Family planning practice among Christian health service providers in Ghana: a case study

  • James Duah Christian Health Association of Ghana (CHAG)
  • Peter Yeboah Christian Health Association of Ghana (CHAG)

Abstract

Introduction: The interphase of faith and practicing health professionally often presents a challenge. To navigate between the two requires tact, experience and professionalism. Such is the case of the Christian Health Association of Ghana.


Objective: This case report presents overview of how the Christian Health Association has provided family planning services for marginalized communities in Ghana by Church denominations some of whose faith abhor them from practicing certain forms of family planning.


Background: CHAG is a Network of 300 Health Facilities and Health Training Institutions owned by 25 different Christian Church Denominations. CHAG provides health care to the vulnerable, deprived, and marginalized population groups in all 10 Regions of Ghana. As implementing partner of the Ministry of Health, CHAG is mandated to implement key policies to achieve national health outcomes including family planning. Some members do not accept artificial family planning on the account of religious faith. This often presents a challenge in addressing the need to provide family planning service as required. This challenge is further complicated by the fact that the CHAG secretariat is steward that should protect the interest of member institutions as well as that of the ministry. Strategy: CHAG tailors the provision of family planning interventions to the confines of denominational, socio-cultural, religious acceptability and client needs.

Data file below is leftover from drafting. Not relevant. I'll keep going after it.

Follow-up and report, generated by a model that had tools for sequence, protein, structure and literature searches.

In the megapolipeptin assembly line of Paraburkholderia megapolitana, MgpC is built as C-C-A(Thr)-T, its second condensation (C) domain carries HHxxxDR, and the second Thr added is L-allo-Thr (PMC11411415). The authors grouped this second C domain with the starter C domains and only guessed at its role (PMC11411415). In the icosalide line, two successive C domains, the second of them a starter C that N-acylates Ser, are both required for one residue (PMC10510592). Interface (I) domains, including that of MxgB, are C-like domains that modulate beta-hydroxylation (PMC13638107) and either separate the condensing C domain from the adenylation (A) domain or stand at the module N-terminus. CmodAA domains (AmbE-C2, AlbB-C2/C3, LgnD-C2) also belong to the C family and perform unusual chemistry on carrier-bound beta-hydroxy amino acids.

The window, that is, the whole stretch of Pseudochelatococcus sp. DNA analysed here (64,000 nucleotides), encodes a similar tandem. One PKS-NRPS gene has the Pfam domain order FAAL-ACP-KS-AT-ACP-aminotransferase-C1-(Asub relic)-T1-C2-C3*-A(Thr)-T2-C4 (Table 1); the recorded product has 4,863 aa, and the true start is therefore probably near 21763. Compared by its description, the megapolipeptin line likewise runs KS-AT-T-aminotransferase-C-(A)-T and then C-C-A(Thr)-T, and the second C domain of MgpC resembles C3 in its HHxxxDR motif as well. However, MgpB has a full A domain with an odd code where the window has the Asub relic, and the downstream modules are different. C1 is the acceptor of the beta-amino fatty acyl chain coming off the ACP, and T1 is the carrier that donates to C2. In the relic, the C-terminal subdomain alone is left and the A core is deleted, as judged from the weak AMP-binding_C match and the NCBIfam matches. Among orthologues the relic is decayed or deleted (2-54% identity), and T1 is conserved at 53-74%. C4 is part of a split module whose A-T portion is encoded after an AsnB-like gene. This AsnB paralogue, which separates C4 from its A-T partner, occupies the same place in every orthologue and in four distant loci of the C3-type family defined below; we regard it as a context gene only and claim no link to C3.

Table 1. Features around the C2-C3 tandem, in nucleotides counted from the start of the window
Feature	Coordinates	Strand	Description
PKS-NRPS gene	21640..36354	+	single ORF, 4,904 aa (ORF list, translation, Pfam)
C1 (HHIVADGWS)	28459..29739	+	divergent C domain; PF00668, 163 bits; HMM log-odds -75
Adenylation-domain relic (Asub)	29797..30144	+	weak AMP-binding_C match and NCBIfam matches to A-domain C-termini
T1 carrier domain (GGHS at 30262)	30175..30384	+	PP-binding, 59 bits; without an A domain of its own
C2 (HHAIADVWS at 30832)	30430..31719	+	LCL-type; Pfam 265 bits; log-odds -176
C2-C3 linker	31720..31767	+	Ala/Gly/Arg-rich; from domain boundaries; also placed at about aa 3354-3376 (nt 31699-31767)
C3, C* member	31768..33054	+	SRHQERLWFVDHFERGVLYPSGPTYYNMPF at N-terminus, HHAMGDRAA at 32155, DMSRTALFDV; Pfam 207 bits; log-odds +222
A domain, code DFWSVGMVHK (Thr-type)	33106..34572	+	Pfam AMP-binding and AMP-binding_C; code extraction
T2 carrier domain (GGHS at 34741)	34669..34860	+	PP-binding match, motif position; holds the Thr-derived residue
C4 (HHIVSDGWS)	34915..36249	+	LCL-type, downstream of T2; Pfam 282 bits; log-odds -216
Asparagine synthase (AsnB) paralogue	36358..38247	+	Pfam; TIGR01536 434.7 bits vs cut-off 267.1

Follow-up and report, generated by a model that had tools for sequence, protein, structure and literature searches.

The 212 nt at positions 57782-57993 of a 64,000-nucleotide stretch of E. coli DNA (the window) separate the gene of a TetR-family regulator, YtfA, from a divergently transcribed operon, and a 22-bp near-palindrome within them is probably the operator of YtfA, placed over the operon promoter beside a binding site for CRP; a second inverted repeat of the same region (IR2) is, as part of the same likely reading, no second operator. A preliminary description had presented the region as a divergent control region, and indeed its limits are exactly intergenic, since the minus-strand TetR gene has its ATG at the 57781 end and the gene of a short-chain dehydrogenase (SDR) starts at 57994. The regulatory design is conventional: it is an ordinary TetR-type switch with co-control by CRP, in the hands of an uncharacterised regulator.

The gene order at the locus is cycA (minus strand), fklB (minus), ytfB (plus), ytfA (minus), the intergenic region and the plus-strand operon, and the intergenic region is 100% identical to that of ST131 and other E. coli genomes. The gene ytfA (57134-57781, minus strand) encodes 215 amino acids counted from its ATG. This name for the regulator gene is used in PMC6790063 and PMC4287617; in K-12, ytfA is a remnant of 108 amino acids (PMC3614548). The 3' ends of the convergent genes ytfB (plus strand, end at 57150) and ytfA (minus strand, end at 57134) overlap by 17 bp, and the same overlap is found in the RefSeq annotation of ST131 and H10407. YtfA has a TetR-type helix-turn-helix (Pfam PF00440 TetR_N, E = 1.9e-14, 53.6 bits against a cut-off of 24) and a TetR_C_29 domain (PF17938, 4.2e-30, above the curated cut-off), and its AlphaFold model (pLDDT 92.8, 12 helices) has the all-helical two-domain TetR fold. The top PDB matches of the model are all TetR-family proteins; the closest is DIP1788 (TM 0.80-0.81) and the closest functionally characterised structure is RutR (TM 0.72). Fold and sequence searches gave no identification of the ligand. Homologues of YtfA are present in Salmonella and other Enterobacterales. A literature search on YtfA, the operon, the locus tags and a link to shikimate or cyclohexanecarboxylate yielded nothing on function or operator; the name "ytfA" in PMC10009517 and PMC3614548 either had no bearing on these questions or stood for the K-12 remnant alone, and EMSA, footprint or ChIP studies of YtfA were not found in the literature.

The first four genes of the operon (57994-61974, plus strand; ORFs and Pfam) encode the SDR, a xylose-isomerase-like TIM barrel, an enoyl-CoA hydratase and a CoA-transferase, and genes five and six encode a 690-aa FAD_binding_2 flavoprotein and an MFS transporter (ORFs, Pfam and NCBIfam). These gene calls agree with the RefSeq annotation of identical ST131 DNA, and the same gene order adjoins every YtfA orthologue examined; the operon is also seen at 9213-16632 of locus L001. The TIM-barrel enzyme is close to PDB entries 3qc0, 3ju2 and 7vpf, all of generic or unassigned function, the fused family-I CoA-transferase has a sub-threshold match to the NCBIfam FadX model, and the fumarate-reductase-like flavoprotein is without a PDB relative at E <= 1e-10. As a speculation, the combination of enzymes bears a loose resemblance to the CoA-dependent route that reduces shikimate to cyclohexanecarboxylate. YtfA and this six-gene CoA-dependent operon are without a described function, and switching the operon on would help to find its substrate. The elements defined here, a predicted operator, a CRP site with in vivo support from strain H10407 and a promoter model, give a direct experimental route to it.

Results: Over a period of three years, proportion of family planning acceptors who are adolescents (10-19 years) increased from 13.7% to 17.0%, total family planning acceptors increased from 67,312 to 73,648 and total couple years of protection from 71,296 to 92,852. Male sterilization increased contrary to cultural beliefs. Importantly, CHAG as an implementing partner is able to satisfy its obligation of providing service to achieve national health outcomes.


Conclusion: Protecting the interest of Christian health institutions and that of government may conflict at some point. Being tactful and allowing work within the confines of faith and obligations always helps in achieving desired results.

Author Biographies

James Duah, Christian Health Association of Ghana (CHAG)

MD, MPH, EMBA, Deputy Executive Director

Peter Yeboah, Christian Health Association of Ghana (CHAG)

M.Sc. MPH/ICHD, BSc, Executive Director

Published
2017-07-12
How to Cite
DUAH, James; YEBOAH, Peter. Family planning practice among Christian health service providers in Ghana: a case study. Christian Journal for Global Health, [S.l.], v. 4, n. 2, p. 80-86, july 2017. ISSN 2167-2415. Available at: <http://journal.cjgh.org/index.php/cjgh/article/view/175>. Date accessed: 26 sep. 2017. doi: https://doi.org/10.15566/cjgh.v4i2.175.